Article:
From An-Other Land: Making Home in the Land of Dreams – Tanushree Ghosh (Review)

From An-otherland

“The Land of Dreams”; “The Land of the Brave and Free” – is that not how most Indians view the United States of America? Added to that is the American way of life that most Indians know about only via TV shows and movies.  To most Indians, irrespective of strata, therefore, America has been that aspirational land to which one must look up to. Not surprising, the efforts made to get to that country.

This book, therefore, offers an extremely interesting premise. How is it to make one’s home in the Land of Dreams? The author, Tanushree Ghosh, who has lived and worked in the US for over a decade, brings us this other perspective – that of immigrants who have moved to the US and are living there. 

Going by the overall tone of the introduction, I presumed that this was a non-fiction book- but it is not. It is a collection of short stories – of lives of different people and how they go about the various challenges, relationships in their lives.

The book starts off with a chapter at the airport, where she looks at the travellers.  All of them have reached US and are  going to, perhaps, the same town; but are from different strata and parts of India. Some are nervous, some excited. Her idea of introducing all the characters in the beginning – at least their names – and then delve into each of their lives, one by one, in subsequent stories is clever. However, as a reader, I found the execution of the same confusing- there are too many names mentioned and that too passingly as the characters get through the formalities of immigration.

The individual stories, however, are extremely interesting. The characters, she introduces, are relatable. As an observer, she dwells upon the dynamics of her characters – be it their old relationships with people back home and their home country and their newly-formed ones in the US and their equation and feelings for this strange country they now call home. The stories have underpinnings of humour; irrespective of the grimness that is there in their lives. Introspective and reflective, the stories bring to life the biggest dichotomy an immigrant has to cope with – how to balance the Indian heritage and sensibilities of one’s upbringing  with the vastly different American sensibilities. What is normal in one culture may not be perceived as normal in the other. The insecurities, ambitions and aspirations of immigrants are very deftly brought out in this collection of myriad stories.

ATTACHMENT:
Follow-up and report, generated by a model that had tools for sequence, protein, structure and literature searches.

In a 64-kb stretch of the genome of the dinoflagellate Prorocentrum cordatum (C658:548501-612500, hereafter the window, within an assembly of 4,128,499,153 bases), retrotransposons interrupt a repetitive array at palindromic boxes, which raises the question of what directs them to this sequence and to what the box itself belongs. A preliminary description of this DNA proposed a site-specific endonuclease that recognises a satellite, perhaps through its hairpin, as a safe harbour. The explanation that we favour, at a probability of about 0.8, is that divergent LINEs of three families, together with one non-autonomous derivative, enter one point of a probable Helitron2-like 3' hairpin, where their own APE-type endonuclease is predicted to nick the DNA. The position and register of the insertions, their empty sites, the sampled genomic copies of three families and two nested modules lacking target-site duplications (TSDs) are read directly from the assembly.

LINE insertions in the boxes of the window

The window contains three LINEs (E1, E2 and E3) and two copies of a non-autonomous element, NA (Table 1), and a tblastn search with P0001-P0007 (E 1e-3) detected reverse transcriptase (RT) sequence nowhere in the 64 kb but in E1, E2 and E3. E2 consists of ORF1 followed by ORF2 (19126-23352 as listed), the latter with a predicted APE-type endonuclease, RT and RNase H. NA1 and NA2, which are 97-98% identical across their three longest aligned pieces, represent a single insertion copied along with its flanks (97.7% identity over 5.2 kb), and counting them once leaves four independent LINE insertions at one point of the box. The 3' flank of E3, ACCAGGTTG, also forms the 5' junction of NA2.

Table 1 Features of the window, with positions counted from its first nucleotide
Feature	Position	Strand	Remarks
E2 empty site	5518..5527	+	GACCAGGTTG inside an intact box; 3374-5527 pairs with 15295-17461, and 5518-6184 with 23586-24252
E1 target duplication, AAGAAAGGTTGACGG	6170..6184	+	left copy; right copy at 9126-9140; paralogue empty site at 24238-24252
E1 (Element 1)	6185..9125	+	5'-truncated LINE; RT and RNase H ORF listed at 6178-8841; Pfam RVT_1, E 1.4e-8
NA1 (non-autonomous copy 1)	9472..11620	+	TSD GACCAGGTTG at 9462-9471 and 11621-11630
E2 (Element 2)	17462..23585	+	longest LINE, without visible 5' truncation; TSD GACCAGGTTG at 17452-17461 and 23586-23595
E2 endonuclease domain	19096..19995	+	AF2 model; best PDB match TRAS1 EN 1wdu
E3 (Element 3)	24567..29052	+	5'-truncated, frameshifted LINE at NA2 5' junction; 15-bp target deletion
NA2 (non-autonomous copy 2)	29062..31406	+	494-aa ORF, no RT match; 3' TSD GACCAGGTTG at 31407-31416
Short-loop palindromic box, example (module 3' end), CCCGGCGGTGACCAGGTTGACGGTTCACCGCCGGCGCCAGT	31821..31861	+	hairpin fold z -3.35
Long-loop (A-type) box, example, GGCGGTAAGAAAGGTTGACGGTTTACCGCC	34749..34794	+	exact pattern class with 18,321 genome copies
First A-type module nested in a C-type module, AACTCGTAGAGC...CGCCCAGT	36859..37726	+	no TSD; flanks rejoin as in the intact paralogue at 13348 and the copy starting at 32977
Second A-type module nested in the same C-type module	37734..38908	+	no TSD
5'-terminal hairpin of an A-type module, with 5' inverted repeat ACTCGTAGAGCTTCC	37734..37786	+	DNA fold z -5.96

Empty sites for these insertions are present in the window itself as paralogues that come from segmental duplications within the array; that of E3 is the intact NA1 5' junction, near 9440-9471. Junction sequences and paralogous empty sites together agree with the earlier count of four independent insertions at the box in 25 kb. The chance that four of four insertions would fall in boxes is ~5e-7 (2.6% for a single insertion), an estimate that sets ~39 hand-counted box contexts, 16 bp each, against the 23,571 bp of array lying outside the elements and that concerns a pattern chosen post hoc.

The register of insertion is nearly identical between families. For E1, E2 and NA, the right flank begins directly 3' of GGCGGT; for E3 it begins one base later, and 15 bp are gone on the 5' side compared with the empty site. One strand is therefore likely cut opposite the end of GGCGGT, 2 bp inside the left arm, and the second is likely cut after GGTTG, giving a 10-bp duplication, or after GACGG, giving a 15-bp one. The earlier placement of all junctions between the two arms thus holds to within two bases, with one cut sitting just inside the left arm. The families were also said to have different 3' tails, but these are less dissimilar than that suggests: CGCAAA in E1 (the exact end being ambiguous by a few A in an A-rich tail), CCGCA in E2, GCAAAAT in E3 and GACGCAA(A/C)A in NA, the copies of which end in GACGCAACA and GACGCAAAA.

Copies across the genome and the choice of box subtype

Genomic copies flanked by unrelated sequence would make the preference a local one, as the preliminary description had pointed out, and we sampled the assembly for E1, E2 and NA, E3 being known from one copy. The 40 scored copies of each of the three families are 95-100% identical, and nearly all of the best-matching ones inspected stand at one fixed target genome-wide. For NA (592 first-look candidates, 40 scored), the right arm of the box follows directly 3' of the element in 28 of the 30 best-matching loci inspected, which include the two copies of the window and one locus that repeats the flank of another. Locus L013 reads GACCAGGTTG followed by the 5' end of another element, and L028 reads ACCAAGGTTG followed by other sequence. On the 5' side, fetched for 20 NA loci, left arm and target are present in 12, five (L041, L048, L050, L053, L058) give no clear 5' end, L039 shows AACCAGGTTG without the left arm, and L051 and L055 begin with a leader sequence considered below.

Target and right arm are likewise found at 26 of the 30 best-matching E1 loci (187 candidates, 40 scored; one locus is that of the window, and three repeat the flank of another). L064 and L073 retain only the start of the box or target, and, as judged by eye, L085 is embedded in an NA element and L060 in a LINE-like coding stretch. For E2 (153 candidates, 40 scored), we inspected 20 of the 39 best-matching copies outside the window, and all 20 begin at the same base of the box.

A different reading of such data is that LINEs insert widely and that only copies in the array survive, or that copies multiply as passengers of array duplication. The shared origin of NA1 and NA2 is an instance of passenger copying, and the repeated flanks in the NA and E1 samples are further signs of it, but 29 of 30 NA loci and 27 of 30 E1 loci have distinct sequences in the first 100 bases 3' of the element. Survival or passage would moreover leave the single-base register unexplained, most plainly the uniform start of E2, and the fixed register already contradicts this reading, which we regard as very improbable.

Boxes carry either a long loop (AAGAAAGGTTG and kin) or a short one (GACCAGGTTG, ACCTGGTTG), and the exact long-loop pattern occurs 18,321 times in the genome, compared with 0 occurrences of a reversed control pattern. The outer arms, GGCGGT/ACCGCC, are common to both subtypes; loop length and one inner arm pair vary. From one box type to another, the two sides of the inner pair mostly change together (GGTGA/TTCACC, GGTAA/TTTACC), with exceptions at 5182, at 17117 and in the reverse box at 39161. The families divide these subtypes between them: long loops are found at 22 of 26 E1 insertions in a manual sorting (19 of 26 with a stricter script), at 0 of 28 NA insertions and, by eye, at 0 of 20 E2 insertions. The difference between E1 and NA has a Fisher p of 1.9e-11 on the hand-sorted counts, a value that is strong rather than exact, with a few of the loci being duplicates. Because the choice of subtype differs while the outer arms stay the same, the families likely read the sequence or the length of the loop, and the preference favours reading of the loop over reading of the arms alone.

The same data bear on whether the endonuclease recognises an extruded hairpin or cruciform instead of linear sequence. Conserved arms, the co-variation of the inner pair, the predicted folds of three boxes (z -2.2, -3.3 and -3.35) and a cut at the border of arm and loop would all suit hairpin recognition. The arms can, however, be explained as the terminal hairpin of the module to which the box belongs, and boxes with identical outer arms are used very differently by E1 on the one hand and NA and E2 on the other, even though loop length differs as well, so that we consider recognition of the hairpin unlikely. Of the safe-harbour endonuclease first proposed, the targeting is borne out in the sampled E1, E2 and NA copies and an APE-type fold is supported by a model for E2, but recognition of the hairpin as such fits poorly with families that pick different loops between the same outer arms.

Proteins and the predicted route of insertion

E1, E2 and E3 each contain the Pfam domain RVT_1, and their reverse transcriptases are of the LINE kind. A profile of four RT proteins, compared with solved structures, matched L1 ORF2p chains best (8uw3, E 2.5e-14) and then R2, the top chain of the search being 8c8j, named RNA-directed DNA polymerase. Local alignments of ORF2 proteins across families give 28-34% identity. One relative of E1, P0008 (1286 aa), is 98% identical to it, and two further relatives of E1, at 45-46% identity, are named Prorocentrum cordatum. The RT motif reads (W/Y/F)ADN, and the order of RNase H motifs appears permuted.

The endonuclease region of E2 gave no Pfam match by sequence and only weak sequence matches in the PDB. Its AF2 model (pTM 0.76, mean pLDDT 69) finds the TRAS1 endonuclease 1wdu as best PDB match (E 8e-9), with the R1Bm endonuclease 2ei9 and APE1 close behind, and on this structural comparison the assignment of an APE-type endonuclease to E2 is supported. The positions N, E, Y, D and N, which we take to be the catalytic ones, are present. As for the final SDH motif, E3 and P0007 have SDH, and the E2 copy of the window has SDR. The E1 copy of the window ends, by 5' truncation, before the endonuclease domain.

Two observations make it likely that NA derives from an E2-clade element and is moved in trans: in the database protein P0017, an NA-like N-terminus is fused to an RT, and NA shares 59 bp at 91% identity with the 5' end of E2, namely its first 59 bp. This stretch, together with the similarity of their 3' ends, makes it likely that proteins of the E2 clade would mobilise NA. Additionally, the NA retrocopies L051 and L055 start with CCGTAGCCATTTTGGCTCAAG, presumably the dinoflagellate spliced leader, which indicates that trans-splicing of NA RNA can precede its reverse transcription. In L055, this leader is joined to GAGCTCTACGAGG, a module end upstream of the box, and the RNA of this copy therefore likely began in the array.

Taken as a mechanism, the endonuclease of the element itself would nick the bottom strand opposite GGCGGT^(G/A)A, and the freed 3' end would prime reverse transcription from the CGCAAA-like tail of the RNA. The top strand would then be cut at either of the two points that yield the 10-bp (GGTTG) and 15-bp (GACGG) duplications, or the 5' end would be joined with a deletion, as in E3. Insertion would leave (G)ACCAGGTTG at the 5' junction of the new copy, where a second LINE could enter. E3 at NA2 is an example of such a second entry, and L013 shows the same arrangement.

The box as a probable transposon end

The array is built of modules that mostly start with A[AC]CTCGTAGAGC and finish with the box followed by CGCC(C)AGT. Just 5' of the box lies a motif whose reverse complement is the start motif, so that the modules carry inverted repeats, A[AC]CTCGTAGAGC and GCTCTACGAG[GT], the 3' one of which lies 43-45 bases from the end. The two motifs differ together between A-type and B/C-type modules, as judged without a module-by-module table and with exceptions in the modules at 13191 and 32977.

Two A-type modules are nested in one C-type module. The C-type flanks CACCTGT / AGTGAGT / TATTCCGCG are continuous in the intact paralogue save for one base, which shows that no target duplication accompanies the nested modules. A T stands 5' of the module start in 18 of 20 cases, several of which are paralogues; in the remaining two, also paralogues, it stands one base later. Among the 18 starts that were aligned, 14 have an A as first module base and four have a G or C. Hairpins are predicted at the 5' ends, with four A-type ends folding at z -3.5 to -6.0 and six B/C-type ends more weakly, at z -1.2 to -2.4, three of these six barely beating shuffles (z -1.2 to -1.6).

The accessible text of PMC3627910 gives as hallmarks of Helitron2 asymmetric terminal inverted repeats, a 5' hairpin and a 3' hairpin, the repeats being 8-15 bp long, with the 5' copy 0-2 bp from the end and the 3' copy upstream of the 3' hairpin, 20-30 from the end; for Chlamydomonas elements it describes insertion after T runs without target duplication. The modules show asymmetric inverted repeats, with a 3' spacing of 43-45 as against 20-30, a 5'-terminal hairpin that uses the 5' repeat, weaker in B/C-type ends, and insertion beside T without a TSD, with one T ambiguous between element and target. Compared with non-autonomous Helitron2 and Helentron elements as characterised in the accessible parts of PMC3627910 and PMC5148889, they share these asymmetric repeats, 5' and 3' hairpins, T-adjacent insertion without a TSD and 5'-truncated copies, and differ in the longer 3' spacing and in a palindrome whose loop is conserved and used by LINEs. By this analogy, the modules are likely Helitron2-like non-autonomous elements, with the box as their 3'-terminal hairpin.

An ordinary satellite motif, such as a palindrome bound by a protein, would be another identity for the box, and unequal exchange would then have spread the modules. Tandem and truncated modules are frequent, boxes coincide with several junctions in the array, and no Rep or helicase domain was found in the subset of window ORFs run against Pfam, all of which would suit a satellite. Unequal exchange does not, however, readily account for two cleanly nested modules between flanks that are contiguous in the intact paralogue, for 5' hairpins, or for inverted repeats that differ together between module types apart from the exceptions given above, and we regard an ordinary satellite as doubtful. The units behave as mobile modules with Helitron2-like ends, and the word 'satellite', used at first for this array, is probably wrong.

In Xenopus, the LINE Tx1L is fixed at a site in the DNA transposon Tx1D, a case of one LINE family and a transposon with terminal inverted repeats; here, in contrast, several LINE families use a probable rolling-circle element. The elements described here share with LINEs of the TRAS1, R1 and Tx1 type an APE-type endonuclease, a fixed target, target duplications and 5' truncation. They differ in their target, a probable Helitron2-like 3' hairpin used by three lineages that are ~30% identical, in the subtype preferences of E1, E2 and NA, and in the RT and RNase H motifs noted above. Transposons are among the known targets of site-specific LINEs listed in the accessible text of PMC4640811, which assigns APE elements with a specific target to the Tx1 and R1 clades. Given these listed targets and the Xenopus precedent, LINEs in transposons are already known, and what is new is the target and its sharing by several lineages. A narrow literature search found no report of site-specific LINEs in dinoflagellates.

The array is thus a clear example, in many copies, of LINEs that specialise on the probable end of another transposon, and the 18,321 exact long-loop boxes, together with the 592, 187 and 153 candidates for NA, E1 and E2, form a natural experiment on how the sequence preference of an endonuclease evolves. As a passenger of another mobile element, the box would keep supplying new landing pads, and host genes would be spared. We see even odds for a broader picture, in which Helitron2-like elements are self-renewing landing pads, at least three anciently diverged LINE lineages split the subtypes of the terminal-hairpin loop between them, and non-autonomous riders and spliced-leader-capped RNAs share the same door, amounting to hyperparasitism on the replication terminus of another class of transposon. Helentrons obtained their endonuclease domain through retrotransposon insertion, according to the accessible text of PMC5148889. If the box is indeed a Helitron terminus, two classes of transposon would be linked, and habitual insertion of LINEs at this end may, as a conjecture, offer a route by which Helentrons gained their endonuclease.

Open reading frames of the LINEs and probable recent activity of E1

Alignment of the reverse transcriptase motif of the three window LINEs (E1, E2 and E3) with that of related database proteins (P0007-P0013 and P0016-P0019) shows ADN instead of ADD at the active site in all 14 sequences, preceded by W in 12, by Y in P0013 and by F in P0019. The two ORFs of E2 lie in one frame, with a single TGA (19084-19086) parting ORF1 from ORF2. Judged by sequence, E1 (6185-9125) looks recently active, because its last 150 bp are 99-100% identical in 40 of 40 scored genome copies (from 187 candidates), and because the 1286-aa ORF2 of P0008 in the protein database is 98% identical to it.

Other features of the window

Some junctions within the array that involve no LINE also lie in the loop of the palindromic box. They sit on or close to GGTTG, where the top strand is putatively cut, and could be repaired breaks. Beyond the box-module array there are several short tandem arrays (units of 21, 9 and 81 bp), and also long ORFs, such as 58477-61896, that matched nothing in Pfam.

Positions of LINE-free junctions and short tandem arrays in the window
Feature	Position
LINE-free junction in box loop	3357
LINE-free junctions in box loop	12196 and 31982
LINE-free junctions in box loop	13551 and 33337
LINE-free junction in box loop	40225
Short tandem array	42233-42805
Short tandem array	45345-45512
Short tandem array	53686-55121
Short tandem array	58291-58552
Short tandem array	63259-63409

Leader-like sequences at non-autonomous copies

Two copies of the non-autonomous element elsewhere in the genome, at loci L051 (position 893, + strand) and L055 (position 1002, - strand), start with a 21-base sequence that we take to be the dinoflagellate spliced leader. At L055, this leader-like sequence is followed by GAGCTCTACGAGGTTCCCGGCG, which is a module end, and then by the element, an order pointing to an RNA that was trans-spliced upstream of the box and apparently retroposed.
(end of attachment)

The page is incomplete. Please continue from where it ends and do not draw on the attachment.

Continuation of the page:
By this realistic portrayal of what immigration really entails, the author has demolished the rose-tinted view that most people have of life abroad. Life abroad can be lonely and it is this theme of loneliness and also that of  human resilience that runs through the book.

I enjoyed reading this book – once I was past the first story. While the device of introducing all of them was indeed very clever, the execution failed to deliver and hold the reader’s interest. The author more than makes up for it in the subsequent individual stories and then in the conclusion where she ties in all the characters. They are all people living in the same town in Phoenix and their lives intersect. That for me, bringing all the characters in the last, and tying up their loose ends per se, worked much more.

However, barring this slight peeve, I did enjoy reading about life in the US – from the perspective of so many different people – a housewife from rural Punjab who is forced to marry her brother-in-law for a visa; a new mother coping with postpartum depression; a young techie who falls in love with an American but fails to understand the  the differences in cultural nuances. It is clear that the author has based her characters on real people she has met and interacted with. And precisely this is what works for the book. As she paints their life, with many layers, and explores their personalities, she does not judge them or their frailties. Instead she tries to understand them and their actions and aspirations. The tone throughout is gentle, non-judgemental and laced with humour.

Definitely worth a read!

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